AI system that keeps ships from hitting whales launches off California
Image credit: Holger Karius | Dreamstime.com
Following the ship strike that killed Fran – a famous California whale – scientists have deployed Whale Safe, to prevent whale-ship collisions off the San Francisco Bay Area Region.
Whale Safe, a technology-based mapping and analysis system to help prevent whale-ship collisions, is scheduled to launch off to the San Francisco Bay Area Region, after finding success in southern California.
The announcement comes on the heels of the news of the death of Fran, the most photographed whale in California, caused by a ship strike.
Whale Safe has been developed by the Benioff Ocean Science Laboratory, in collaboration with the Marine Mammal Center, to help detect endangered whale presence and track ship speeds to provide data to the shipping industry, public and government to reduce preventable whale deaths.
"Whale Safe is on a mission to help save the incredible mammals who have ruled the oceans for tens of millions of years,” said Marc Benioff, chair and co-CEO of Salesforce.
“Whale-ship collisions continue to be a leading cause of death for endangered whales, but with these new kinds of monitoring technology and alert systems, fatalities have begun to decline. This is a triple win for the planet – we save the whales, fight climate change, and promote community health by cutting air pollution. We need more solutions like this coming out of alliances between science and business."
WhaleSafe integrates acoustic and visual whale detections with model predictions to provide mariners with the latest information on whale presence. It also uses Automatic Identification System (AIS) data to track ship speeds and calculate cooperation rates with voluntary speed limits that are put in place by NOAA and the Coast Guard to protect whales.
In addition to providing an immediate benefit for monitoring ship speeds, the data will also be saved and analysed by the Benioff Ocean Science Laboratory and the Marine Mammal Center to help inform additional preventative safety recommendations.
The first Whale Safe system has been deployed in the Santa Barbara Channel near the Ports of Los Angeles and Long Beach, and will now be deployed off the San Francisco coastline.
“Whale-vessel collisions are a global concern, so when addressing the problem and building the Whale Safe system we wanted it to be a blueprint to allow for replication and expansion into other regions. We are excited to expand the technology and expertise to the San Francisco Bay region where ship collisions are of high concern for endangered whales,” said Callie Steffen, Whale Safe project lead at the Benioff Ocean Science Laboratory.
Whales play vital roles in maintaining healthy underwater ecosystems. However, intensive whaling over the past 200 years has brought many populations to the brink of extinction. Although hunting has decreased dramatically over the last century, another danger threatens whales – cargo ships.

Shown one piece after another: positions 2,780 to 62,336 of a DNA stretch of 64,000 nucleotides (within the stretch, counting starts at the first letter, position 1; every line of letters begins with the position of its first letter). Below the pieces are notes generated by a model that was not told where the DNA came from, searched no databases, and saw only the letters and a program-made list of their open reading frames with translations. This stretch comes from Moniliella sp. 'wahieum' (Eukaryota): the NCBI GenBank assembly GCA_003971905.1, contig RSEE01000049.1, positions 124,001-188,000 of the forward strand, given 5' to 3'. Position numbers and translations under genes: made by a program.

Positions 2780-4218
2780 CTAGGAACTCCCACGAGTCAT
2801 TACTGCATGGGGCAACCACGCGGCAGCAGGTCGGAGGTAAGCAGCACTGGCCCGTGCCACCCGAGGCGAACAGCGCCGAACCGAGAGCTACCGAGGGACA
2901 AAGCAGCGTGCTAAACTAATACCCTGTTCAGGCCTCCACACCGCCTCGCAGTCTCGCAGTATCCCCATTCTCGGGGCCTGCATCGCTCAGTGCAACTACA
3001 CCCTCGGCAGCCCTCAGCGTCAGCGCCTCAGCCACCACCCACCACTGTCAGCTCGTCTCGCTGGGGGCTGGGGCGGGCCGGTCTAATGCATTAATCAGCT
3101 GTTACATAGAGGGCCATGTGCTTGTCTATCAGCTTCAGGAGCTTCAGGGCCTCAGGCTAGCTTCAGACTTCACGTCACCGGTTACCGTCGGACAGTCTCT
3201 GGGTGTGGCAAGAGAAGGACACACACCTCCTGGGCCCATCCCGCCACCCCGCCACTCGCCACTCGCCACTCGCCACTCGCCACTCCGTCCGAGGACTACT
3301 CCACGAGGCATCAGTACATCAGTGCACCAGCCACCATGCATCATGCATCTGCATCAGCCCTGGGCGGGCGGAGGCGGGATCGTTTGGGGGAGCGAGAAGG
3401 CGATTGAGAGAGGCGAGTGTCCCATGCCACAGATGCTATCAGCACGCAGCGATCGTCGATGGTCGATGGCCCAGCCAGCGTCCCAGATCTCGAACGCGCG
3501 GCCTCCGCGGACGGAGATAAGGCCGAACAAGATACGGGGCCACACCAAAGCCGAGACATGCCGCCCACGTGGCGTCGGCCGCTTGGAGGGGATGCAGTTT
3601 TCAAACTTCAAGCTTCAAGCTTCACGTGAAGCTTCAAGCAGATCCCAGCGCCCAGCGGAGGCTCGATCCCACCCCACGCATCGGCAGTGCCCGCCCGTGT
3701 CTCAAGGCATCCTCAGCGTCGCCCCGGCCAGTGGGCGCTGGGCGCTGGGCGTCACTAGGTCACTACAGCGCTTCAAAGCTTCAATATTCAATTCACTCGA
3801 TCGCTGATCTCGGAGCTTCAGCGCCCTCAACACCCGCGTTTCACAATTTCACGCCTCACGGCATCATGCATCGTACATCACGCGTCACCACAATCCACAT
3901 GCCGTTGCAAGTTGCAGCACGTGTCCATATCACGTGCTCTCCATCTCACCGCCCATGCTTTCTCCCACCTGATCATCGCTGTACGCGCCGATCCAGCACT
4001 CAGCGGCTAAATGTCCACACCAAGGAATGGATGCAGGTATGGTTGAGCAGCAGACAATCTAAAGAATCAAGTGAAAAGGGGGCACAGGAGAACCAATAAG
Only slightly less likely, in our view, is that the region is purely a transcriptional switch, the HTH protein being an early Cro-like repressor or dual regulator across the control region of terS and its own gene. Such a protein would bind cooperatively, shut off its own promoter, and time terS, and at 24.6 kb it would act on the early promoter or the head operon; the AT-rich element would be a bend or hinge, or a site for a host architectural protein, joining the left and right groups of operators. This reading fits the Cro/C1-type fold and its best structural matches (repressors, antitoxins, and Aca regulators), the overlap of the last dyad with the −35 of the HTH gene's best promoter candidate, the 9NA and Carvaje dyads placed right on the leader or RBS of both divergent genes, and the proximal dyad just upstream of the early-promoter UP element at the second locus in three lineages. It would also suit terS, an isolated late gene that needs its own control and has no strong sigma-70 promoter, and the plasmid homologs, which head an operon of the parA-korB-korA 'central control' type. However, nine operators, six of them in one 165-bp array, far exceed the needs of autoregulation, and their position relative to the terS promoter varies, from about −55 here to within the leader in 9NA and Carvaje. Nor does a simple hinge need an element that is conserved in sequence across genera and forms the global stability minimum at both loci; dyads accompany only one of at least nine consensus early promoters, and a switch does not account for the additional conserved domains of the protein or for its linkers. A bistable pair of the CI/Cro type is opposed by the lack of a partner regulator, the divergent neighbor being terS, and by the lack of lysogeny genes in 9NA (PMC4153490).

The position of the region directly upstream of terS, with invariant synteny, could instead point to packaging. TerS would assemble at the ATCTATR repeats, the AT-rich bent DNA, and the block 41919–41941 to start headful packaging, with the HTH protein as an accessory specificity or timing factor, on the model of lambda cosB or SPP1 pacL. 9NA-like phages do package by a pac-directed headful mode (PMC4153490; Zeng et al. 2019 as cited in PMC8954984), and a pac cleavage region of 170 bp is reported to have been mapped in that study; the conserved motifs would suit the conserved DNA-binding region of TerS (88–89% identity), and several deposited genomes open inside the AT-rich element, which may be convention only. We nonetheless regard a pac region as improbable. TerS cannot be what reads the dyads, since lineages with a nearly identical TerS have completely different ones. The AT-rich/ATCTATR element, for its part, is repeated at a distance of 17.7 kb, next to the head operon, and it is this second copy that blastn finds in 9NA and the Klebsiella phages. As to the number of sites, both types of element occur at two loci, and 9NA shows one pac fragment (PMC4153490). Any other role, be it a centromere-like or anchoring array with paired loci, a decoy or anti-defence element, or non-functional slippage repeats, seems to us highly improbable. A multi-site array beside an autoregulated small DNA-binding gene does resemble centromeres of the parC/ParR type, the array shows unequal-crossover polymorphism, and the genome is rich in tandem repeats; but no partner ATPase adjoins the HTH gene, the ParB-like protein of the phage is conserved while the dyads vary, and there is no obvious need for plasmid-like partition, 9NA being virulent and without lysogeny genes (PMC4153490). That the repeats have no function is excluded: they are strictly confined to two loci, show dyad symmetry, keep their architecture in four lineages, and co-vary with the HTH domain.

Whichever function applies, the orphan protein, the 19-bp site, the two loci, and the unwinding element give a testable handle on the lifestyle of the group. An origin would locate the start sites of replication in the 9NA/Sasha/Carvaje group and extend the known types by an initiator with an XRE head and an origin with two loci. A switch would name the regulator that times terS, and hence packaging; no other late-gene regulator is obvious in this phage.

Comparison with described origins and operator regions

Blue, fin, humpback and grey whales are vulnerable to ship strikes as they migrate and feed in areas that overlap shipping lanes and routes. Scientists estimate that over 80 endangered whales are killed by ship strikes off the US West Coast each year.
“Whale Safe utilises best-in-class technology with best-practice conservation strategies to create a solution to reduce risk to whales," said Dr Jeff Boehm, chief external relations officer of The Marine Mammal Center. "Whales and ships must coexist in an increasingly busy ocean. Whale Safe San Francisco provides data insights to empower decisions that protect whales while supporting efficient maritime commerce.”
The number of known whale deaths from ship strikes on the West Coast has been growing over the last decade and the ones we see are only a fraction of the total number that die each year. In fact, scientists estimate the carcass detection rate is only 5-17 per cent, so the actual number of dead whales is much higher than the number observed and recorded.
Whale Safe leverages an AI-enabled acoustic monitoring system, big data models and direct whale sightings recorded by trained observers and citizen scientists.
The three data streams are validated, compiled and disseminated in an easily interpreted 'Whale Presence Rating' ranging from low to very high whale activity. Additionally, shipping report cards are created to display a ship or company’s cooperation with voluntary vessel speed reduction zones implemented by NOAA, EPA and the US Coast Guard. This gives the captains of large vessels the data they need to know when to slow down, which is the most effective measure to drastically reduce the number of deadly ship strikes.
“We look forward to the day that ‘whale safe’ becomes as ubiquitous as ‘fair trade'," said Dr Boehm. "We believe consumers care about having retailers transport their products with shipping companies who achieve our shared conservation goal of ensuring whale safe waters.”
Following Whale Safe Santa Barbara and the new San Francisco expansion, the project leaders are said to be looking at expanding the use of this tool in other locations and key ports around the world, such as Sri Lanka, Chile, Greece and the Canary Islands.
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